Today the Church remembers a ‘physician of souls, captain of the army of Christ and pilot of the ark of the Church buffeted by the storm of heresies’ in the troubled decades following the Council of Nicæa in A.D. 325. St Meletius, a humble and pious man, was elected Archbishop of Antioch, metropolitan see of the East, in 360 when the Arian Eudoxius was deposed.
The see had been racked by a schism ever since the earlier deposition of the orthodox St Eustathius in 330 but both the supporters of Nicæa and the Arians welcomed him, the former sure that his virtues could only be the reflection of purity of faith, the latter misled by his meekness to believe he would tolerate their heresy.
His enthronement took place before the Emperor Constantius, who favoured the Arians. The emperor proposed slyly that the bishops present expound the passage, ‘The Lord created me at the beginning of his work, the first of his acts of old’ (Proverbs 8: 22), the classic proof text of Arianism. George of Cappadocia, who had been placed on the patriarchal throne of Alexandria on the banishment of St Athanasius, and Acacius of Cæsarea (described by St Gregory the Theologian as the ‘hand’ and ‘tongue’ of the Arians), first gave the Arian interpretation of the passage, by which the Logos was a creature, although before Creation. St Meletius then gave the orthodox interpretation, as declared by St Athanasius, that in this passage ‘created’ could not be taken to mean ‘he was made’ but rather ‘he was begotten.’ An Arian archdeacon attempted to silence the archbishop by putting his hand over his mouth but St Meletius extended his own hand to the people with three fingers together and the thumb and little finger folded over, a gesture that said that the three Persons of the Trinity are equal in nature and one only God.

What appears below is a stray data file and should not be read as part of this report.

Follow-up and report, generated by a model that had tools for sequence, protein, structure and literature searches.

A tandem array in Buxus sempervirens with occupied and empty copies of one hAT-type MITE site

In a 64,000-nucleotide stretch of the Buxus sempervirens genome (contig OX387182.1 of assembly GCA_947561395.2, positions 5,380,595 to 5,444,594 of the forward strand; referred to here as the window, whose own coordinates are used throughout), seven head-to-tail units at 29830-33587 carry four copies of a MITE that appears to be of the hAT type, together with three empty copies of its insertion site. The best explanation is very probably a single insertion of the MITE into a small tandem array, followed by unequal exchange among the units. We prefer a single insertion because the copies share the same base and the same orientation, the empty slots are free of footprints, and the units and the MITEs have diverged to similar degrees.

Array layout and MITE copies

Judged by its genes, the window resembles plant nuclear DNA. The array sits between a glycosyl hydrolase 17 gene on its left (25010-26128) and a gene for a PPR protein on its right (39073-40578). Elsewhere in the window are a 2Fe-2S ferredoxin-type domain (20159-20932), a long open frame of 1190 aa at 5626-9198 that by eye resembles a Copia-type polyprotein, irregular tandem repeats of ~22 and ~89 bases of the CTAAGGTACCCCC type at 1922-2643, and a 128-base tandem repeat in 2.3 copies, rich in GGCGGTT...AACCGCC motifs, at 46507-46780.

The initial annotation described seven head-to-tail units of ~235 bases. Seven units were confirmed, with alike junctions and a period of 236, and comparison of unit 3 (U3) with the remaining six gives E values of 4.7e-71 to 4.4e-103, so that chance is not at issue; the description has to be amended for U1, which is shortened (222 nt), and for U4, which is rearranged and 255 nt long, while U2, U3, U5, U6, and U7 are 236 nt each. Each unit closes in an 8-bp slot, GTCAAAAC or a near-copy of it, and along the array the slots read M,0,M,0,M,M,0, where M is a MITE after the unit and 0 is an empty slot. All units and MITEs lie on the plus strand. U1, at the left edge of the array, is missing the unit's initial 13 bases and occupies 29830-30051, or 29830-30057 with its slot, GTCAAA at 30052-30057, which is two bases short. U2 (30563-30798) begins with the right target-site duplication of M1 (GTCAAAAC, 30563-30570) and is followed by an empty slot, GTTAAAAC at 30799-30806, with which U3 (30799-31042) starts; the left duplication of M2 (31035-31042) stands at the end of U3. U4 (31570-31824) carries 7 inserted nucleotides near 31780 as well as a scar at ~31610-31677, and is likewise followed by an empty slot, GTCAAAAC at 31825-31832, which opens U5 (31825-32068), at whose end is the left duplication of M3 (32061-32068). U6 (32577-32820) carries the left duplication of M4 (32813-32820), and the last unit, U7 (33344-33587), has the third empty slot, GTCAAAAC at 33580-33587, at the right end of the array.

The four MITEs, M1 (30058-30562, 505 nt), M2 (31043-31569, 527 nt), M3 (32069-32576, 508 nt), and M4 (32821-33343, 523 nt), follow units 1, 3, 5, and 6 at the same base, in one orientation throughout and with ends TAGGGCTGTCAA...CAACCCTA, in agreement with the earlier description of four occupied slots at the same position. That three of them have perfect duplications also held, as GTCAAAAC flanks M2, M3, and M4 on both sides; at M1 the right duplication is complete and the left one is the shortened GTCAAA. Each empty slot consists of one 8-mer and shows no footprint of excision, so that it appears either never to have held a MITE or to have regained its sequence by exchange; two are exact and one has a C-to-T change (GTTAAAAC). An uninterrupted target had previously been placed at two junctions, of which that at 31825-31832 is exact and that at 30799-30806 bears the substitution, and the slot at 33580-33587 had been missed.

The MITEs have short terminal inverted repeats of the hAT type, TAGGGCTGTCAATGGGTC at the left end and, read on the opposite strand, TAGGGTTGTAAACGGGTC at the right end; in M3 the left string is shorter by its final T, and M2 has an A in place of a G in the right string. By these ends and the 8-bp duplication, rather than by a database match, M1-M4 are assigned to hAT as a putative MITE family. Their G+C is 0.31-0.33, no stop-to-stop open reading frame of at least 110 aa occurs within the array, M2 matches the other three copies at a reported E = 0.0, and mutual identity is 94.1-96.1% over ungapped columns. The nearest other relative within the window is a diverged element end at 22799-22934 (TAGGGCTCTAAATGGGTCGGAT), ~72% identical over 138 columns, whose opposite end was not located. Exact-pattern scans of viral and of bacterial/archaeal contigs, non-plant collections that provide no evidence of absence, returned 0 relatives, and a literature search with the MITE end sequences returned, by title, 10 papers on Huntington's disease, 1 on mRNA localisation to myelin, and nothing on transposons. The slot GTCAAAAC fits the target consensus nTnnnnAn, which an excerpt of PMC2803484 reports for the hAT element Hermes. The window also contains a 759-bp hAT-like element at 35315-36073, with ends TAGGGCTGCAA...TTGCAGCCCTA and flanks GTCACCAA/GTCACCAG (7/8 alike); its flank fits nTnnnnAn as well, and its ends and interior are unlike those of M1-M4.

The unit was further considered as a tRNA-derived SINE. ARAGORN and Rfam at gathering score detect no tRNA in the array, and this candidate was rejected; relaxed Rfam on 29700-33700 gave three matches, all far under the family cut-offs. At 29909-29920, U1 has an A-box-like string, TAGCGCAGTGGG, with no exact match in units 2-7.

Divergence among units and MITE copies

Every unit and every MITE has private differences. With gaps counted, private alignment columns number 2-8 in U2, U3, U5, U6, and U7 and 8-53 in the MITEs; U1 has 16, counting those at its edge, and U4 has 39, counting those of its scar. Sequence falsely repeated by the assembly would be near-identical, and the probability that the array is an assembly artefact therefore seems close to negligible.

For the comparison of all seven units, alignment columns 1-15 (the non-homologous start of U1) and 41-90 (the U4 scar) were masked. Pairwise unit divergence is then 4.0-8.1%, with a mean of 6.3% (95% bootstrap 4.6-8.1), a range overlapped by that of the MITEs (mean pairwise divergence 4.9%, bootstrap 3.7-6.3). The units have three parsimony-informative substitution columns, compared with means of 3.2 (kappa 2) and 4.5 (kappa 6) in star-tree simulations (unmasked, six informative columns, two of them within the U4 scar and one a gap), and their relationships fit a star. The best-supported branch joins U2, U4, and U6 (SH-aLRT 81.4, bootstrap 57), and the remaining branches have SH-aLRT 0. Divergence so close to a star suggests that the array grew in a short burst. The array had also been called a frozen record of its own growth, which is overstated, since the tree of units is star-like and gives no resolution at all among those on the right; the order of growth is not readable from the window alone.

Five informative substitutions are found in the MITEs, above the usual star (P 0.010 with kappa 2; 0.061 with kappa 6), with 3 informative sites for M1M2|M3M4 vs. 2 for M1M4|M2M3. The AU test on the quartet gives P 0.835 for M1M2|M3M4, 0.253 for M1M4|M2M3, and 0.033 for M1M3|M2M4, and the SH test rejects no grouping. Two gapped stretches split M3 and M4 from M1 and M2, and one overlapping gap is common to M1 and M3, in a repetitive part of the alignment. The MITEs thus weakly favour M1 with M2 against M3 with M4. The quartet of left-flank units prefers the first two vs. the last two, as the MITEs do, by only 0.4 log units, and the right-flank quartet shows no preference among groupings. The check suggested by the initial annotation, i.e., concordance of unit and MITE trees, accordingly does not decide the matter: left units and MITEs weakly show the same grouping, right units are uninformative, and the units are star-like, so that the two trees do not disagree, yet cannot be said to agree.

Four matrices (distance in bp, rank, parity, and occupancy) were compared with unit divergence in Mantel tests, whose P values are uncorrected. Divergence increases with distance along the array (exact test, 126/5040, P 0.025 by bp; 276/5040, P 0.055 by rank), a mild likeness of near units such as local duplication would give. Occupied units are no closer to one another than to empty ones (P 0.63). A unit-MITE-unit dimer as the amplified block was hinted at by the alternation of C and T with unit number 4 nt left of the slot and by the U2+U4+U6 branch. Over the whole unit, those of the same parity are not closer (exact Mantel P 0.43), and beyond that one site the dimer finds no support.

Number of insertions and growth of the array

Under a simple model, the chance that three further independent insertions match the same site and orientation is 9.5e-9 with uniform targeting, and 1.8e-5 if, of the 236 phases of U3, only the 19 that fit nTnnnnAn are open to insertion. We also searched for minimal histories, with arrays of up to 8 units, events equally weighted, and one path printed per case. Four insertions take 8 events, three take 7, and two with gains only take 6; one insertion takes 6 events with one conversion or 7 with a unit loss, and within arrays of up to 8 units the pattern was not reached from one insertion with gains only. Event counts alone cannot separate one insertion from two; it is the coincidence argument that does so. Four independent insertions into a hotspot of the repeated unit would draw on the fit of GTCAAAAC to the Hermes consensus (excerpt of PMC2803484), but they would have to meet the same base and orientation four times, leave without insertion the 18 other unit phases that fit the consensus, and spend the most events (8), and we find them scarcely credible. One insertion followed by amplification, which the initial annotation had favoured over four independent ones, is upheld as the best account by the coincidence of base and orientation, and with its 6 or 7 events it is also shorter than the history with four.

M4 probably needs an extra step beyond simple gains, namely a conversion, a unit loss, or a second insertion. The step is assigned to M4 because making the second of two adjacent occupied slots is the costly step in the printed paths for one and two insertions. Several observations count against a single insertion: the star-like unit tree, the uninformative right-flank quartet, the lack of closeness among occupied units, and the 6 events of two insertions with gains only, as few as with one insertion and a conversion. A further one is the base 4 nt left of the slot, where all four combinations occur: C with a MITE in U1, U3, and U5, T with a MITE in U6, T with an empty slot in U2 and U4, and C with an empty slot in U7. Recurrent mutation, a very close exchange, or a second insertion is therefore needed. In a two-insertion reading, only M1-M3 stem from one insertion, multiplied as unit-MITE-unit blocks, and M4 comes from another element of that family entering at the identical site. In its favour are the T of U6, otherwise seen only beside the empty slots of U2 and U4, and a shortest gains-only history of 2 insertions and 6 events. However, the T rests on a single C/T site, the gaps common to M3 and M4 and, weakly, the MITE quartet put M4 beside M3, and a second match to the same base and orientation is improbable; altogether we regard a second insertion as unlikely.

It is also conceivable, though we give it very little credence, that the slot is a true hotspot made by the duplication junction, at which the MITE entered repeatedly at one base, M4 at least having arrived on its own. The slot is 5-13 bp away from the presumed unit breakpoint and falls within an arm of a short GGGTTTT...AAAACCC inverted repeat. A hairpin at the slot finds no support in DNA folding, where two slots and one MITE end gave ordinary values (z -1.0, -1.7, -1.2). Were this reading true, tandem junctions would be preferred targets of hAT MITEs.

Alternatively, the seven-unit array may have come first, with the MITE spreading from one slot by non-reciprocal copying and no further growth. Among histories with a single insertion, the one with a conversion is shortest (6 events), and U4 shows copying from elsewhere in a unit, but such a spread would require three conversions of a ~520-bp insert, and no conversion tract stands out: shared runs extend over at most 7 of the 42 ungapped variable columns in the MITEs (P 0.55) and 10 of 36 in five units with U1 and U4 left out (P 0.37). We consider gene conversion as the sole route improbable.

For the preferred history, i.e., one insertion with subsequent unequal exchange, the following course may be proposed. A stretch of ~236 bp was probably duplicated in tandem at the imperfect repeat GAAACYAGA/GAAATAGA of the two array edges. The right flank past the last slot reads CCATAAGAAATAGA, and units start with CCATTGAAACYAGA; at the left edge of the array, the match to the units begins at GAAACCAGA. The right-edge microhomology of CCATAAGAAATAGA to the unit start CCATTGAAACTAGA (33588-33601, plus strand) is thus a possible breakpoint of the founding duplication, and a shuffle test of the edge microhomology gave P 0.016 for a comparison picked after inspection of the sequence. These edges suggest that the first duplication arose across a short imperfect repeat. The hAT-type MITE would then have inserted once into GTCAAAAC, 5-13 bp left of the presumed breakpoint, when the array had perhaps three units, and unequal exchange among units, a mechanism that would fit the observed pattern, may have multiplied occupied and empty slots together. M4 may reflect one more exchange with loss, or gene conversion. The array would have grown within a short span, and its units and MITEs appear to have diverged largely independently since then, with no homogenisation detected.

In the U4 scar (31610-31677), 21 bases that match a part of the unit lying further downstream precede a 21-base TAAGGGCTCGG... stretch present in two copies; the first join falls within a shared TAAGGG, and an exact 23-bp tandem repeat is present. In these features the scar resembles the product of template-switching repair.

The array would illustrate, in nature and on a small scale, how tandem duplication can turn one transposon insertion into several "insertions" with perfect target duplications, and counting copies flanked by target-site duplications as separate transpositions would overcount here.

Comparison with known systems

St Meletius was exiled to Melitene by Constantius but was able to return to his see at the emperor’s death in November 361. However, the orthodox faithful of Antioch had become divided in the year he was absent between those who supported him and those who viewed his election as invalid because of the participation of Arians in it. The latter had elected Paulinus as archbishop, creating a schism that would last eighty-five years, long after the death of both men—the notorious Meletian Schism that weakened the Church in its struggle against Arianism while it lasted.
He was responsible for turning from secular learning to sacred studies one John, born in Antioch in 349, who would earn the epithet Chrysostom and be canonized a saint. He baptized him and later ordained him deacon.
St Meletius was exiled once again by the Arian emperor Valens (reigned 364–378). He went to Cappadocia, where he had the opportunity to meet St Basil the Great, one of the ‘Three Cappadocians’ who clarified the doctrine of the Trinity, the other two being St Gregory of Nyssa, Basil’s brother, and St Gregory the Theologian, Basil’s friend.
The pious Emperor Theodosius the Great (reigned 379–395), just before his accession, had a vision in which St Meletius vested him with the purple and placed the diadem on his head. He determined to put an end to the Arian conflict, summoning the 2nd Œcumenical Council to meet at Constantinople in May 381, with St Meletius presiding. St Meletius gave up his soul to God not long after the council convened. St Gregory of Nyssa preached his funeral sermon, from which comes the quotation opening this entry. He was succeeded as president of the Council by St Gregory the Theologian, who had been made Patriarch of Constantinople by Theodosius shortly before.
Occasional comments by a convert to Orthodoxy.